the 8th. Four months ago her husband disowned her and she returned home. I realised I was wrong. If DALIT canhelp us out, I have decided that she can resume her studies."
Daughter: 'I would like to resume my studies. I am 17 years old and would like to become a policewoman"
A girl in higher education: "I was admitted to the post-matura nursing course and I am
very happy because I never hoped to realise this dream".
A girl at university, during the monthly meeting: "I study law in Khulna and I would like to become a
judge. It is very interesting to see two women here with us today: one (Nazmun Nahar, Upazila Women's Affairs Officer from Tala, Ed) is a living example of what can be done to prevent early marriages, the other one came from abroad so she is proof that even women can travel alone if they study. Before, there were no educational opportunities for Dalits, we had no choice. Now we have to change our mentality: we women, together with men, can be agents of change. We girls must always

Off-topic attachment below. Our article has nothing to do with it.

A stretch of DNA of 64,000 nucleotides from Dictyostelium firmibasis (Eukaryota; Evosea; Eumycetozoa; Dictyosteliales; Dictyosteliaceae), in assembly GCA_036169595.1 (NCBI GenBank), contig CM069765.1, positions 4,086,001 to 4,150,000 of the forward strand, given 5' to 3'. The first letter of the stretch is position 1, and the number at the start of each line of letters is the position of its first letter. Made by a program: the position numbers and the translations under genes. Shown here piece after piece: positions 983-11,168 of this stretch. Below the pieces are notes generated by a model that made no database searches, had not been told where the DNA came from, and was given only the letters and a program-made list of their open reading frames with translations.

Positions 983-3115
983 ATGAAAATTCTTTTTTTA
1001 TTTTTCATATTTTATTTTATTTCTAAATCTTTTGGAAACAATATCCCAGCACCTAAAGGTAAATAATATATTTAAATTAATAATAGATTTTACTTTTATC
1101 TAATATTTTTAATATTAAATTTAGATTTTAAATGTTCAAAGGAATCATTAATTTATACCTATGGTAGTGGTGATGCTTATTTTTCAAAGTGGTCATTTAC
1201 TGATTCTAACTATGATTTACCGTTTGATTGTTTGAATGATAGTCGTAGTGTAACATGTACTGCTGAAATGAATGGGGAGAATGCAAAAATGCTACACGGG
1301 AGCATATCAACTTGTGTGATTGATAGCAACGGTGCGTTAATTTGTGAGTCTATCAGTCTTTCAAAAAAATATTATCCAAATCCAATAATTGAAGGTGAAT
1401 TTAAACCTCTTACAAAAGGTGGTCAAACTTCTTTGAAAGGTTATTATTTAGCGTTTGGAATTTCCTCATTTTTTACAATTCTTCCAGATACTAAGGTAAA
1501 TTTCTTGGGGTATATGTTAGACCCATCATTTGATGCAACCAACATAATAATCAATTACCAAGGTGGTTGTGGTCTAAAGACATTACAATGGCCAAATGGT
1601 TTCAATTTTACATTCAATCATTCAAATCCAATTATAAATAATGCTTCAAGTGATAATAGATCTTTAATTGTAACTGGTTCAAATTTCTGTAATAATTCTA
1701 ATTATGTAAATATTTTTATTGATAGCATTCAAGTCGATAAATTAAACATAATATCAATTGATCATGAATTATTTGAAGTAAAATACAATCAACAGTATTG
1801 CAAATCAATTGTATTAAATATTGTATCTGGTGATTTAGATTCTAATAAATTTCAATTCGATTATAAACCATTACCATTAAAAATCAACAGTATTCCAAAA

We girls must always remember that we must be gentle as flowers but also strong as fire.
Another girl in higher education: "We girls supported by the project feel the need to
need to give back at least part of what we are receiving, and we have set up a small fund through
which we help poor people in need or some of us who are unable to pay the fee
examination fees. In addition to this, we always intervene when we hear that in the village an
an early marriage is being organised in the village, we talk to the parents and, if they don't change their minds, we contact DALIT and the police"